Options Bargain Hunting


Date: 7/6/2021
Author: Chris Hood


Be sure to check out new episodes of my video podcast each week, where my ace pupil Brian Jones and I talk the ins and outs of options trading- and give you insights and strategy that you can immediately put to work for you in the markets.

Everyone loves saving money.

Just think of how exciting it is to walk into a store or log onto your favorite site and see that stereo system you’ve been eyeing for 20% off this week.

The universe just gave you an opportunity. Take advantage of it.

But imagine if you that same super-popular system was on sale for 20% more.

You get to pay $1200.00 rather than the regular $1000.00.

What? That’s ridiculous. Why would you buy it?

Of course, you shouldn’t, yet that’s one of the critical mistakes novice options traders make. Paying too much for their long calls or bull call spreads.

It’s an issue of poor timing or chasing a trade.

Before we discuss the guidelines for selecting long options, we need to look closely at what goes into an options price.

I’ve said this before, but it bears repeating.

Options are not stocks.

Though they’re based on underlying equities, and the share price is a vital component of the value, it isn’t the only factor.

Options have both intrinsic and extrinsic values.

Intrinsic value is simply the difference between the strike price and the stock price.

So, if you buy an Oct 21st, 2021 310 call option on FB, which is currently trading at 354.34, then the intrinsic value of that option is $44.34.

Stock Price – Strike Price = Intrinsic Value

So, 354.34 – 310.00 = 44.34

That part is relatively simple to grasp for most people – if you can exercise your contract to buy a stock for less than it’s currently worth, it has value.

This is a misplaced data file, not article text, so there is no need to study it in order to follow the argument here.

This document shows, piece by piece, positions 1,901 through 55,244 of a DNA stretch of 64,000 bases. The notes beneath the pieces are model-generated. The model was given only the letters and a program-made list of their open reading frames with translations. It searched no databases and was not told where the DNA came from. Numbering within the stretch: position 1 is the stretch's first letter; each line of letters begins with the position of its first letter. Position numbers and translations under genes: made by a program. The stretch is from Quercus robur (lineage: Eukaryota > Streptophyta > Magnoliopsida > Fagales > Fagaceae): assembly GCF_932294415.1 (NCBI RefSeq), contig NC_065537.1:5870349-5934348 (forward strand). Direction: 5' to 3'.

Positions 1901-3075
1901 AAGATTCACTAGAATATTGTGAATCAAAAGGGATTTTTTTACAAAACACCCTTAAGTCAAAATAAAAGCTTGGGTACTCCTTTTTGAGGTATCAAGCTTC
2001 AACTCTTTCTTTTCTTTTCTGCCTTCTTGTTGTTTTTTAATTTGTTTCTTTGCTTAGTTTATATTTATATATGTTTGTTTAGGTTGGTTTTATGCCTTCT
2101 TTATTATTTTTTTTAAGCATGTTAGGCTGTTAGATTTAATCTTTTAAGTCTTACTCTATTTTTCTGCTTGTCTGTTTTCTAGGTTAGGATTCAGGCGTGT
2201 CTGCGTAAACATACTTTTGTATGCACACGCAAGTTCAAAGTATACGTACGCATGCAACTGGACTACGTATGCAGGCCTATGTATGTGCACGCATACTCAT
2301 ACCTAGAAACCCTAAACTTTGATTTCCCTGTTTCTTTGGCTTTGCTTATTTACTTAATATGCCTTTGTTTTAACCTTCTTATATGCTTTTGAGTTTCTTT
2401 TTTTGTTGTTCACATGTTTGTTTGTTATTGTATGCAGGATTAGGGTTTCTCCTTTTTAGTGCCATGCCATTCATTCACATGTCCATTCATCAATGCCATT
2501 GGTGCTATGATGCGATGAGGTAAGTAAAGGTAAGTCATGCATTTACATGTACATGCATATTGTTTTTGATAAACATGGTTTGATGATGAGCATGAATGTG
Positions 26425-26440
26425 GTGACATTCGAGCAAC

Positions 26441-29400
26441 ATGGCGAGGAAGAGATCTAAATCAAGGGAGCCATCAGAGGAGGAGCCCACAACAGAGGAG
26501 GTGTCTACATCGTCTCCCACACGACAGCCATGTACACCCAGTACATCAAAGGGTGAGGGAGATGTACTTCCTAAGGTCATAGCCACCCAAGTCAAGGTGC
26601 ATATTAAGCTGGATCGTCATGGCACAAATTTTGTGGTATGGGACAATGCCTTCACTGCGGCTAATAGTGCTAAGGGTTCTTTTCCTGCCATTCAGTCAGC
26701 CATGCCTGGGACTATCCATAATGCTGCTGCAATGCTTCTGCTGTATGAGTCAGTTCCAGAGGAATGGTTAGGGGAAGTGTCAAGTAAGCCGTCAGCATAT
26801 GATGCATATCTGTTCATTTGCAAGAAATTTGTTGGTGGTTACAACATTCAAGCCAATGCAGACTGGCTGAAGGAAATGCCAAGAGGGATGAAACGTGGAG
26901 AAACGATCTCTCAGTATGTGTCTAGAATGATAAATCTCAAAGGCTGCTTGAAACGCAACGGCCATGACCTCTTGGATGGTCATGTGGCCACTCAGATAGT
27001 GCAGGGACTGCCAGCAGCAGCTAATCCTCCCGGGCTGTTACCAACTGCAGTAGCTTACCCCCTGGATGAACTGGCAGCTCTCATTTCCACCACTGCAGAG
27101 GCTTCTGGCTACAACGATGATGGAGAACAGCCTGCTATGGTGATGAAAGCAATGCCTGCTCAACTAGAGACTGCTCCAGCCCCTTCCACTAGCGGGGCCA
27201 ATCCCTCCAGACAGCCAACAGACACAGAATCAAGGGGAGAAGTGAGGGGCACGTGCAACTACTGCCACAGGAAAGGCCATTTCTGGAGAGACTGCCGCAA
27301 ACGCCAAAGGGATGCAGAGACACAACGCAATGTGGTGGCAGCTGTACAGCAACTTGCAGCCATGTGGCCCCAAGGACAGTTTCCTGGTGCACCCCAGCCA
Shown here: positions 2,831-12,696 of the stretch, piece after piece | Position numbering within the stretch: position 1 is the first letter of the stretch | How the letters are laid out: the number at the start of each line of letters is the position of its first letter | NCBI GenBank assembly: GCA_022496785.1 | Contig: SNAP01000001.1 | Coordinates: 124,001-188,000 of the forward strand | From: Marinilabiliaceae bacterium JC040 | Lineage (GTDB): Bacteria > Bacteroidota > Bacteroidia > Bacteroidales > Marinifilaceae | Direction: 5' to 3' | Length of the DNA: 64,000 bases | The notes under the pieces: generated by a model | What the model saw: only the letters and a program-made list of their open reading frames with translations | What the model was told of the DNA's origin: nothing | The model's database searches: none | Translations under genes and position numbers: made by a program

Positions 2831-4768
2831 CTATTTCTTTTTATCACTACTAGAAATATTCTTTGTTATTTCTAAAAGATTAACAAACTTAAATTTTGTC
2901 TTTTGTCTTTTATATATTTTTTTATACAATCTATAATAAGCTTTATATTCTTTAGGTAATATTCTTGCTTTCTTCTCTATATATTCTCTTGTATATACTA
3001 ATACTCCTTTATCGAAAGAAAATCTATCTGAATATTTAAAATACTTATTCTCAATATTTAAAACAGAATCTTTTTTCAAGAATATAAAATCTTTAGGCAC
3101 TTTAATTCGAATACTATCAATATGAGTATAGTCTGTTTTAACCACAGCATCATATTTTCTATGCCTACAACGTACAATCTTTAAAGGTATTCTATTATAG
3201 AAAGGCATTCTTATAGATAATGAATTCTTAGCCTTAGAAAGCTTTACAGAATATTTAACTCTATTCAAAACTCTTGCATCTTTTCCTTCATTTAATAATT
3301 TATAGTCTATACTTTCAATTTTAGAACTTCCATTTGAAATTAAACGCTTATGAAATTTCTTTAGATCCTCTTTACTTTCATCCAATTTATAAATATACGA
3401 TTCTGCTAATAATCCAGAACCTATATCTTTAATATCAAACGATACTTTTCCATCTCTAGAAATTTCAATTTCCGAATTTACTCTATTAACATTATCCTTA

The option’s extrinsic value is a bit tricker.

Extrinsic value is based on time and volatility. The further away from the expiration date and the higher the implied volatility (IV) of the stock, the more expensive the option.

Pay close attention to both when you purchase options.

Don’t buy extremely long-dated options to capitalize on short-term moves; otherwise, you’ll pay for time you don’t need.

Always match the expiration to the time frame of the trade.

Similarly, it’s best to buy during periods of low volatility.

A helpful guideline is to buy when IV is below 0.50. If the volatility is higher, you’d be better served using a bullish selling strategy like a put credit spread.

Pullbacks to key moving averages or other support areas during a strong uptrend allow you to get your calls cheap.

This is why it’s important to get into the trade BEFORE the big move.

After the run-up begins, call prices swell, and chasing gains will leave you missing out on the profits. So you’ll be buying in just as smart traders are getting out.

An excellent tool provided by Think or Swim (and most other professional platforms) is the ability to display the intrinsic and extrinsic values on the options chain.

All you need to do is customize the layout.

When in doubt about whether or not to buy, use this simple rule of thumb:

If the option’s extrinsic value exceeds 30% of the total option price, it’s too pricey.

Wait for a better entry.

Over the past couple of days, AMZN has made a couple of big moves up.

Now is not the time to get into the trade out of FOMO. Instead, keep it on your watchlist and wait for the inevitable pullback.

Don’t buy your stereo system at the 20% more sale.

Be patient.

Wait for the sale that makes sense, and watch your profits grow.

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